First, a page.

Let $f:A \rightarrow \mathbb R$ be a differentiable function, where $A$ is an open interval of real numbers.

Let $a \in A$.

Then the tangent of $f$ at $a$ is defined by the equation $f(a)+f'(a)(x-a)$.

I understand the intuition behind choosing a point $f(a)$ through which the tangent will definitely pass through and another point $f'(a)$ - which, since it defines the slope of $f$ at $a$, the tangent line will surely pass through too.

Now, I don't understand the intuition behind why $f'(a)$ is multiplied by $(x-a)$ and not just $x$ - if we multiply $f'(a)$ by every real number, in a space with Cartesian coordinates we are going to have the range of the function be every point in the line which passes through $f(a)$ and $f'(a)$.

Why don't we define the tangent of $f$ at $a$ to be simply $f(a)+f'(a)x$?

  • $\begingroup$ Let $g(x)$ be the function of the tangent line at $x=a$. One must have $g(a)=f(a)$. $\endgroup$ – Jack Mar 1 '17 at 21:31
  • 2
    $\begingroup$ Consider the case $f(x)=x+1$. What do you think the tangent line at $x=1$ should be? $\endgroup$ – Jack Mar 1 '17 at 21:33

Because it doesn't work that way.

To start with, $f(a)$ is not a point. It's only a number. An example of a point on the graph of $f$ is $(a, f(a))$--two coordinates, $a$ and $f(a),$ to plot a point in the plane.

Next, $f'(a)$ is the slope of the tangent line. You may have realized that already, but remember that the equation of a line in the $x,y$ plane satisfies $y = b + mx$ if and only if $m$ is the slope and $b$ is the $y$-intercept of the line. So if we can figure out a number $b$ such that the tangent line at $(a, f(a))$ goes through the point $(0,b),$ then we can write $y = b + (f'(a))x.$

There is a more generally-applicable form of the equation of (almost) any line in the plane, which lets you write the equation for a line easily once you know its slope and any point that it passes through (not necessarily where it intersects the $y$ axis). For a line with slope $m$ passing through the point $(x_1,y_1),$ the equation is $$ y = y_1 + m(x - x_1). \tag1 $$ The equation can also be written in a slightly more symmetric form, $$ y - y_1 = m(x - x_1), $$ which tells us this is the equation of the line we get if we translate the line $y=mx$ upward $y_1$ units and $x_1$ units to the right so that it goes through the point $(x_1,y_1).$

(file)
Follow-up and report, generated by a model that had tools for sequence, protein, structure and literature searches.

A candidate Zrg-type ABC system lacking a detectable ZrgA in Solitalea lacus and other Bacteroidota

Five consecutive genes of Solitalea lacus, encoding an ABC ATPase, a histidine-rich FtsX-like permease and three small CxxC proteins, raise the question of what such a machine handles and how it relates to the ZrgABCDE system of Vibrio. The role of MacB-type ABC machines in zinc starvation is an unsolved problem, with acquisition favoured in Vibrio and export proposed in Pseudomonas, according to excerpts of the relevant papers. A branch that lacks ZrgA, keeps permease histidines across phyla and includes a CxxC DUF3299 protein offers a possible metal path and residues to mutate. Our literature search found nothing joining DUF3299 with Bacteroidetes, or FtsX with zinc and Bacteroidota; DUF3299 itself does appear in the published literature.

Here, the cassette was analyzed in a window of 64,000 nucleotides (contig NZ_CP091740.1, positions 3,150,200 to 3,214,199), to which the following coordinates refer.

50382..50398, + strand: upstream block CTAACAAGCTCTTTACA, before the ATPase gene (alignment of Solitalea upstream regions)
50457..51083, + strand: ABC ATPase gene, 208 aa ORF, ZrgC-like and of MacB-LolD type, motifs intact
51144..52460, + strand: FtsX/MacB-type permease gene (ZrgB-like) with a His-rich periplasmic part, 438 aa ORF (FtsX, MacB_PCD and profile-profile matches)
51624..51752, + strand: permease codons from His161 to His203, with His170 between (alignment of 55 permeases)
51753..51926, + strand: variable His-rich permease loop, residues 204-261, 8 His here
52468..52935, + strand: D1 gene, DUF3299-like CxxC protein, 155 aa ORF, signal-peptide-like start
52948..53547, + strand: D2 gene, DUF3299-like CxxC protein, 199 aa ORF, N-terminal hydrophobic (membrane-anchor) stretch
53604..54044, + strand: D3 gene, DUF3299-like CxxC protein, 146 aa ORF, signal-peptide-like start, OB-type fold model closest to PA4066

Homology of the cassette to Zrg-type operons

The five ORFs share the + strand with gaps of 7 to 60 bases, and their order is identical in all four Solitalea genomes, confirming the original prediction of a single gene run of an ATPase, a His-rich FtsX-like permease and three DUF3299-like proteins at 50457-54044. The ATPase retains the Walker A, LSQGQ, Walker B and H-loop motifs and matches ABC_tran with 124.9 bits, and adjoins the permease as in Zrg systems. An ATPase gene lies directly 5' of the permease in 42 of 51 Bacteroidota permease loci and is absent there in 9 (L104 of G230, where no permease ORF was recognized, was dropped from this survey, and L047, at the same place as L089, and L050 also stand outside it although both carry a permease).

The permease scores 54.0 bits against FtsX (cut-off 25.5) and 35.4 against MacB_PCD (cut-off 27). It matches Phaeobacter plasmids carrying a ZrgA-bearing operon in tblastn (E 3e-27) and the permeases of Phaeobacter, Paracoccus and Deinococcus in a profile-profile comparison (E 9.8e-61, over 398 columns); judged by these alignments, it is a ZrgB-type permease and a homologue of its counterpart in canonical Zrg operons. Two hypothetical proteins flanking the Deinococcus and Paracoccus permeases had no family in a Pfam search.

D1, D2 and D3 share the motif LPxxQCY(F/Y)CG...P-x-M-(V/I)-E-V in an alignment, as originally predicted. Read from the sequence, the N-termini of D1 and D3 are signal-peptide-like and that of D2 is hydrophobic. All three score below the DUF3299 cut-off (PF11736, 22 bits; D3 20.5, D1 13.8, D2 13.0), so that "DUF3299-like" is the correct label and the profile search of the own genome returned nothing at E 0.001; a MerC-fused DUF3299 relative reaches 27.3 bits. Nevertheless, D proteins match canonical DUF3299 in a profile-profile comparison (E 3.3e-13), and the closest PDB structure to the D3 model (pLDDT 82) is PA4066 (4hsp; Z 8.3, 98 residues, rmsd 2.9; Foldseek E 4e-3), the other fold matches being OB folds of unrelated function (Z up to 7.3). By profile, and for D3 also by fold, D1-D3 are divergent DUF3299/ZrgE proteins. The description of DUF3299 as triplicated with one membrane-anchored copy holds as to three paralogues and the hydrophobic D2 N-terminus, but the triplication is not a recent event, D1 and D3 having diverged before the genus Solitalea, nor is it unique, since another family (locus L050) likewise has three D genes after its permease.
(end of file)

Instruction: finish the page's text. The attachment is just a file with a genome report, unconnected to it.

For the tangent line, instead of an arbitrary point named $(x_1,y_1)$ we have one named $(a,f(a)),$ and instead of an arbitrary slope $m$ we have slope $f'(a).$ So where do these new symbols fit into Equation $1,$ and what does it look like after we update it to describe the tangent line?

Of course you still can write an equation for the tangent line in intercept-slope form if you really want to. Just observe that the equation of the tangent line says $$ y = f(a)+f'(a)(x-a) = \left( f(a) - af'(a) \right) + (f'(a))x, $$ so the $y$-intercept of the tangent line is $f(a) - af'(a).$

  • $\begingroup$ A fundamental remark is that the equation of the tangent $y=f(a)+f'(a)(x-a)$ is the beginning ot Taylor expansion of $f$ around pooint a, i.e., $f(x)=f(a)+f'(a)(x-a)+\dfrac{f''(a)}{2}(x-a)^2+...$. In other words, it is the best affine approximation of function $f$ , up to 2nd degree terms... $\endgroup$ – Jean Marie Mar 1 '17 at 22:53
  • $\begingroup$ @JeanMarie That's very true, but I designed this answer to be read by someone who is just starting to learn about derivatives and their relationship to the tangent lines of graphs of functions. I don't expect the reader to know about Taylor expansions yet. ... Maybe I can add something at the end about "things you will see later." $\endgroup$ – David K Mar 1 '17 at 23:38
  • $\begingroup$ @I agree with you : I appreciate your understanding of the level at which the answers should be given. $\endgroup$ – Jean Marie Mar 2 '17 at 7:07

What is the equation of the line passing through $(a,b)$ of slope $m?$ It is $y = b + m(x-a).$ So then, what is the equation of the line passing through $(a,f(a))$ of slope $f'(a)?$ It is

$$y = f(a) + f'(a)(x-a).$$


Your Answer

By clicking “Post Your Answer”, you agree to our terms of service, privacy policy and cookie policy

Not the answer you're looking for? Browse other questions tagged or ask your own question.